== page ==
It has effectively dismantled its welfare system; it has hobbled its national health service, during the worst pandemic in a century; withdrawn from the single market in Europe, sent home hundreds of thousands of migrants from Europe, incidentally losing the cultural diversity and intellectual and academic contribution of those migrants, and generally increasing inequality.

The country was already burdened by a rigid class structure, with an hereditary upper house in its parliament, and an hereditary royal family still leeching off the tax system.

Liz Truss has earned universal disrespect and mockery for her laughable assertions regarding tax cuts for the rich. Even that monolith the IMF has seen fit to admonish her, and her witless treasurer, for sabotaging Britain’s fiscal and monetary plans to defeat cost of living rises.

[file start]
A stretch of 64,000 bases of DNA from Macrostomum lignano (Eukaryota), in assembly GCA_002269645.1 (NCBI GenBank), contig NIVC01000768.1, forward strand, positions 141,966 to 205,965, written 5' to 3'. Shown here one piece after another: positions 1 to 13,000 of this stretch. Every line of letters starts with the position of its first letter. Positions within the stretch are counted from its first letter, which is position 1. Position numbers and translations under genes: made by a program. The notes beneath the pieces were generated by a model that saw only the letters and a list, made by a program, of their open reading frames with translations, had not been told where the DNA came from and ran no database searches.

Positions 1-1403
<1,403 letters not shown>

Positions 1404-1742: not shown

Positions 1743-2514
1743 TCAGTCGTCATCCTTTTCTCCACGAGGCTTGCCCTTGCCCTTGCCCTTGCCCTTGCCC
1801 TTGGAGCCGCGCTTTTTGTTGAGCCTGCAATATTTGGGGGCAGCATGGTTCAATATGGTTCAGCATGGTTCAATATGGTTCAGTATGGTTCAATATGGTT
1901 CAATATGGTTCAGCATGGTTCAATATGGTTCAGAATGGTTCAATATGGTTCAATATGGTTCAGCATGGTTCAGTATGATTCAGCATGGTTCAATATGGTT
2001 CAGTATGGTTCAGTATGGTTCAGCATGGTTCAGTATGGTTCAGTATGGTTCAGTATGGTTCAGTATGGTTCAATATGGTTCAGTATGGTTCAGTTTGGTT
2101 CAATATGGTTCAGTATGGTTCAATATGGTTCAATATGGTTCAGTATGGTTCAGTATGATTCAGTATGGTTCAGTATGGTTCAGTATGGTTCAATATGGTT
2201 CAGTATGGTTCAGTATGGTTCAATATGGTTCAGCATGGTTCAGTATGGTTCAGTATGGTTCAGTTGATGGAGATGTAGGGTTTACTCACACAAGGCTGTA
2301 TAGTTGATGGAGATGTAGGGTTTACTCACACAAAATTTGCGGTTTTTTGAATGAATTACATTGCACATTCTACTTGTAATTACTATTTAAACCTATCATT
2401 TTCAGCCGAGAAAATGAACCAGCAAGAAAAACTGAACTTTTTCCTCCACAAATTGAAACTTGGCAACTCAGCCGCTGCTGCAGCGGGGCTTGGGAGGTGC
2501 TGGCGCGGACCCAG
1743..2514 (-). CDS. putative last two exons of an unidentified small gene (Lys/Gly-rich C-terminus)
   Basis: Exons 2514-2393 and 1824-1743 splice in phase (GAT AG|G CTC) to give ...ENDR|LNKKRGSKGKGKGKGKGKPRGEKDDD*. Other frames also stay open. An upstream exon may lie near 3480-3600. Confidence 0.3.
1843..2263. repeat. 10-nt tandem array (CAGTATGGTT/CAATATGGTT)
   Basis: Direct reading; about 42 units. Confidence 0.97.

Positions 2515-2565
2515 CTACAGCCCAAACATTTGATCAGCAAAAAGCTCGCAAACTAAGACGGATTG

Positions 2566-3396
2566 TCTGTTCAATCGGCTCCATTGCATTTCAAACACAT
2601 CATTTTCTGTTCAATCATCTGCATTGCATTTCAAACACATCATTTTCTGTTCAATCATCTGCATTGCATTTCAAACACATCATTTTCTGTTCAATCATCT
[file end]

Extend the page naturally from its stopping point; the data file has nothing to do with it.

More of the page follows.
Her decision to borrow to pay for citizens’ energy bills beggars belief. She has consciously chosen to allow the energy companies, which are shamelessly enjoying windfall profits, to continue on their merry way, while she is stealing from taxpayers.

What about Australia?

Tony Abbott, Malcolm Turnbull and Scott Morrison have similarly ransacked our national wealth for nine years. They have weakened Medicare, lowered taxes on the rich, stolen taxpayers’ funds to fund obscenely rich private schools at the expense of public schools, and gutted our universities.

They also spent billions adding to the fossil fuel companies’ ill-gotten gains, hamstrung climate change mitigation for a decade, and attacked our national cohesion with deliberate trashing of our international treaty obligations, especially regarding refugees, dog-whistling attacks on minorities, started an unnecessary war of words with China, and essentially destroyed our biodiversity so that land clearing can proceed.

But, I hear you say, we threw them out on their ear. We elected a reformist government, in whose DNA flows liberty, equality and fraternity.